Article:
Interactive Intelligence and Workplace Issues

Extreme weather tests business backup plans

January 7, 2014

Extreme winter weather tested business contingency plans this week, and power outages were a common setback for people trying to work from home.

“It's nice to have this because it tests our systems,” Greg Goelzer, CEO of Goelzer Investment Management, said Tuesday morning.

Like all financial advisers, Goelzer, which managed more than $1 billion for more than 400 clients as of the end of the year, is required to have written business continuity and disaster recovery plans. Anticipating Sunday's snowstorm, Goelzer put office operations staff members in rooms at the Columbia Club on Monument Circle starting Sunday morning, so they would be within a quick walk to the Chase tower offices.

Financial managers and other key personnel worked from home. Goelzer said two staffers lost power, but they kept working because they had home generators.

Others in the area weren't so lucky. A Twitter user with the handle IndyFeminists said, “Several of us working from nearby hotel because power is still out at home. Bosses are pressing to get ppl in asap.”

Indianapolis Mayor Greg Ballard asked businesses to stay closed Tuesday because it was still dangerously cold outside but many planned to open later in the day. In a press conference Monday, Ballard frowned on employers who were reportedly pressuring people to report for work, saying they should rethink threats of firings.

Most companies that closed their offices had professionals working from home. Manuscript editor Paul Levesque said he's not eager to become a full-time telecommuter, though he lives in Crawfordsville and works for John Wiley & Sons Inc. in Fishers. “I like the people I work with,” he said.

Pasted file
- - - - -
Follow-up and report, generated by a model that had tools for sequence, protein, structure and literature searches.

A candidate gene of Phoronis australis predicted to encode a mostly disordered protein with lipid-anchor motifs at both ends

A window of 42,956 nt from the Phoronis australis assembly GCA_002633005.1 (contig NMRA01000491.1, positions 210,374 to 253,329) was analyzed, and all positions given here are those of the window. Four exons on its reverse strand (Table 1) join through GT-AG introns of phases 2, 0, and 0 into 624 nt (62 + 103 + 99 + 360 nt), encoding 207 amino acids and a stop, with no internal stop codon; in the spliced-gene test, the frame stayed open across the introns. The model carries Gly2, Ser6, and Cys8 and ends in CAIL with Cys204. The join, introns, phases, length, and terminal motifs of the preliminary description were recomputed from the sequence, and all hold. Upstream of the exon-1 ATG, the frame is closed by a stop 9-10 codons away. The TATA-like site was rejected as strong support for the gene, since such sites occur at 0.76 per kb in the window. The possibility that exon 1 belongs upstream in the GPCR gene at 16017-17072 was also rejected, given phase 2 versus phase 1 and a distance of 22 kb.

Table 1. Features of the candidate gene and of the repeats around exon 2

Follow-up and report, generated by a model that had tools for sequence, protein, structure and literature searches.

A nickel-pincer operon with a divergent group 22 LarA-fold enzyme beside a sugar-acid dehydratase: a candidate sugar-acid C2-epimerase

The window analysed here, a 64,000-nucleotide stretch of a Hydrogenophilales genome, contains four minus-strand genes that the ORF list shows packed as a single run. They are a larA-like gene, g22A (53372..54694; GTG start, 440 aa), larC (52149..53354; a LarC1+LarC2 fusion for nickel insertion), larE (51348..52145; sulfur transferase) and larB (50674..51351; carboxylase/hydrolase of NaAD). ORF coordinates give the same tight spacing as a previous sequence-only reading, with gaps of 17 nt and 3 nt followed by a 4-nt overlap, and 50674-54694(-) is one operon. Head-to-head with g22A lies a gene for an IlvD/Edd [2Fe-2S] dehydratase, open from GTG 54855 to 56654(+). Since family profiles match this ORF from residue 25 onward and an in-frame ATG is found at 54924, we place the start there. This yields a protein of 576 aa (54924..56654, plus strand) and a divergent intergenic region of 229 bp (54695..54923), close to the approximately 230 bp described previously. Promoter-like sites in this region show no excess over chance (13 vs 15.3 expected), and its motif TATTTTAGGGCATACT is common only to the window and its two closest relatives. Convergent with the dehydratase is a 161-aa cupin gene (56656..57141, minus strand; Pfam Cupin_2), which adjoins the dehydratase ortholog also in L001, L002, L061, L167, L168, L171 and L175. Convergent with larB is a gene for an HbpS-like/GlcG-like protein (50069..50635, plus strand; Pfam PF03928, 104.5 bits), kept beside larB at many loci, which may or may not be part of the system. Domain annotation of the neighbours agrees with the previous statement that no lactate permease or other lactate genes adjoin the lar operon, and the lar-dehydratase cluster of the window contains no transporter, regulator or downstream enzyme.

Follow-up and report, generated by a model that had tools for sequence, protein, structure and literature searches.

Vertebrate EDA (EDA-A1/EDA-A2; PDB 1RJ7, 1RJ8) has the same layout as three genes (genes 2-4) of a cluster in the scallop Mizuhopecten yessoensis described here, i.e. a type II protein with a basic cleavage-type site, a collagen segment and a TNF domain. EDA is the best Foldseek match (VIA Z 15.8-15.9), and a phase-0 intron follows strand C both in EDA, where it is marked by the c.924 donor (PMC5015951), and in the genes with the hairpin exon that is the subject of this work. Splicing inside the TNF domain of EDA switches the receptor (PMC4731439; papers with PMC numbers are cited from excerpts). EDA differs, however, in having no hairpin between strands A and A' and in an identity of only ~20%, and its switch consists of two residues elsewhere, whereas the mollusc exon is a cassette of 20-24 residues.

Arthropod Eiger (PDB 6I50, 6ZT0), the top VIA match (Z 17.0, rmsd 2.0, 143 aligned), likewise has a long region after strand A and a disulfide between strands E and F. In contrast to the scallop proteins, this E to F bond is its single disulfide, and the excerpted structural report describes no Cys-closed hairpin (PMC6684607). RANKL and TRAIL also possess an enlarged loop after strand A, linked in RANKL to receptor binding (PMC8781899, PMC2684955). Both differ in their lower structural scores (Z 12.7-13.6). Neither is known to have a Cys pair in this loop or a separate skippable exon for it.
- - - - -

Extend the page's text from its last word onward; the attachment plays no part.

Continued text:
Some of Levesque's colleagues had lost power at home, and others found that the company's remote access to servers failed on Monday, but for the most part, he said things were going smoothly with authors and clients around the country. “The vast majority of people don't have a clue we're even closed today,” he said Tuesday morning.

Routing calls to remote locations so that people can work from home, whether as a matter of course or backup plan, is a big selling point of the software sold by Indianapolis-based Interactive Intelligence.

The Indianapolis-based company's Midwest clients include WellPoint, Finish Line and Forum Credit Union. Chief Marketing Officer Joe Staples said he had not heard whether the storm affected those customers' call-center operations, but he said the software is working well for Interactive Intelligence.

With most of 900 Indiana employees continuing to work from home today, Staples said all they had to do to start taking calls was open a web browser and choose a phone number.

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